In person and online, observers are celebrating Bear River State Park's "little white ball of fluff," the first white bison calf to be born there in its 32-year history.
Park rangers at the Bear River State Park in Evanston, Wyoming, woke up to a pleasant surprise last month when they found that one of their female bison had given birth to a “little white ball of fluff,” the park’s superintendent Tyfani Sager told The Guardian.
A white heifer named Wyoming Hope, one of two white heifers in the park, gave birth to a rare white calf in the early morning hours of May 16.
Although park rangers have not determined the sex of the baby for fear that close contact could scare the herd, they have been able to determine that the calf is a white bison and does not have albinism, leucism, or any other genetic mutation that would explain its white fur.
The calf is also healthy despite only weighing 30 pounds at its birth. Typically, newborn bison can weigh up to 70 pounds, so the newborn white calf is on the smaller side. Park staff think the size may be due to the young age of the mother, which is only two years old.
“It was up and suckling on mom within 15 minutes after it was born,” Sager proudly told The Guardian.
According to park staff, the calf’s coloring is due to a certain amount of cattle genetics mixed with bison genetics. Although the birth is a rare sight, it isn’t on the level of a 1-in-10-million fluke like albinism.
As Wyoming paper Cowboy State Daily put it, this means the white bison is “fun-special but not especially genetically unique. It’s like the difference between finding an arrowhead and finding the Hope Diamond.”
The cattle genetics could have come from Charolais cattle, which ranchers have kept since the 1800s.
“Most of the bison you find anymore have some cattle genetics. They were nearly hunted to extinction by the late 1800s. People got concerned about extinction and cattle inbreeding was used. A white bison birth is still fairly rare,” Sager told the Cowboy State Daily.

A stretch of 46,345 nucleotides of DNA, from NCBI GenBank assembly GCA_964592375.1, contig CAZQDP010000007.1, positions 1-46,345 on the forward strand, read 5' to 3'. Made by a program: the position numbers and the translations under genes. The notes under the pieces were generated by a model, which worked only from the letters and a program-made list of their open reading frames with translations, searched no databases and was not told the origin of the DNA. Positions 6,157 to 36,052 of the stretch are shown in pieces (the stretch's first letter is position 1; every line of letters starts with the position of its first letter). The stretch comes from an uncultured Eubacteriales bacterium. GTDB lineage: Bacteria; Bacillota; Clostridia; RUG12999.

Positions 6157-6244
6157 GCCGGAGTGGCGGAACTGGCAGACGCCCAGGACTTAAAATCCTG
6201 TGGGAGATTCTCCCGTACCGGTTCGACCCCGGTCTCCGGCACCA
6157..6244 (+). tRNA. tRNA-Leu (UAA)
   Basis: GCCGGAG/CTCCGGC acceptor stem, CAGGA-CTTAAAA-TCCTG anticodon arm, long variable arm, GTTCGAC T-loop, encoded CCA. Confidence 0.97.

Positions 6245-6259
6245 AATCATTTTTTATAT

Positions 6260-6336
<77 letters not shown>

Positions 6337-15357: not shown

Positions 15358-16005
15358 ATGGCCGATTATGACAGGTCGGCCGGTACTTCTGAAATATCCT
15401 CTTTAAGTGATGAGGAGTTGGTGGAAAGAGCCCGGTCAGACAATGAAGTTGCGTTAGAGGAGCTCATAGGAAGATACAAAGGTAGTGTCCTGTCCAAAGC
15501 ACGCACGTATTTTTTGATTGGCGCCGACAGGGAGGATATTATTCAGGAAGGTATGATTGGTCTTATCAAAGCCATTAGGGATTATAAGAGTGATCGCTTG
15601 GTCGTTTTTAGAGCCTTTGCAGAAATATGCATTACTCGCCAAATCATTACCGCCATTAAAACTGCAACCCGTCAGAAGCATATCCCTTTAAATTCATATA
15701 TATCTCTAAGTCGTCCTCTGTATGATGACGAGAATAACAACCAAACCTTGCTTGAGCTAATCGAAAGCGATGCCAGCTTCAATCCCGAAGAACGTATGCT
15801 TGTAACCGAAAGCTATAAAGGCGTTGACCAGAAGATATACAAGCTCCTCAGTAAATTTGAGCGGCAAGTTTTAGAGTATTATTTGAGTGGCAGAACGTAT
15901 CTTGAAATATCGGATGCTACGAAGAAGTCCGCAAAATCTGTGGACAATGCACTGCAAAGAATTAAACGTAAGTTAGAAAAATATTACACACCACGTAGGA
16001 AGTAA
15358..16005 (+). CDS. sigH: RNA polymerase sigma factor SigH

The rarity of these animals has also inspired Native American tribes to honor and worship them as bringers of good luck.
According to the National Park Service (NPS), the white bison calf is “the most sacred living thing on Earth” to tribes like the Sioux, Cherokee, Navajo, Lakota, and Dakota.
“Some American Indians say the birth of a white calf is an omen because the birth takes place in the most unexpected places and often happens among the poorest of people,” the NPS wrote. “The birth is sacred within the American Indian communities, because it brings a sense of hope and is a sign that good times are about to happen.”
Curious visitors across the country have traveled to the park to glimpse the rare calf. According to The Guardian, Bear River State Park usually hosts 1,000 visitors a day, but in the past few weeks, that number has grown by an extra 300 a day coming to see the calf.
Additionally, the park is enlisting the help of its awe-struck visitors to name the baby. So far, the top names have been Liberty, Pearl, Equality, and Sparky.
Even for observers who may not make it to the park to see the calf, the news and images of the baby are just as heartwarming.
“[It’s just] absolutely breathtaking. A gift from above to be able to see such a majestic animal in the wild with her newborn calf,” one Facebook user wrote.
For more stories like the birth of a rare white bison calf, check out the recent birth of endangered red wolves, a species that was declared extinct in the wild in the 1980s. Then, look at the haunting images from the 19th-century mass extermination of American bison.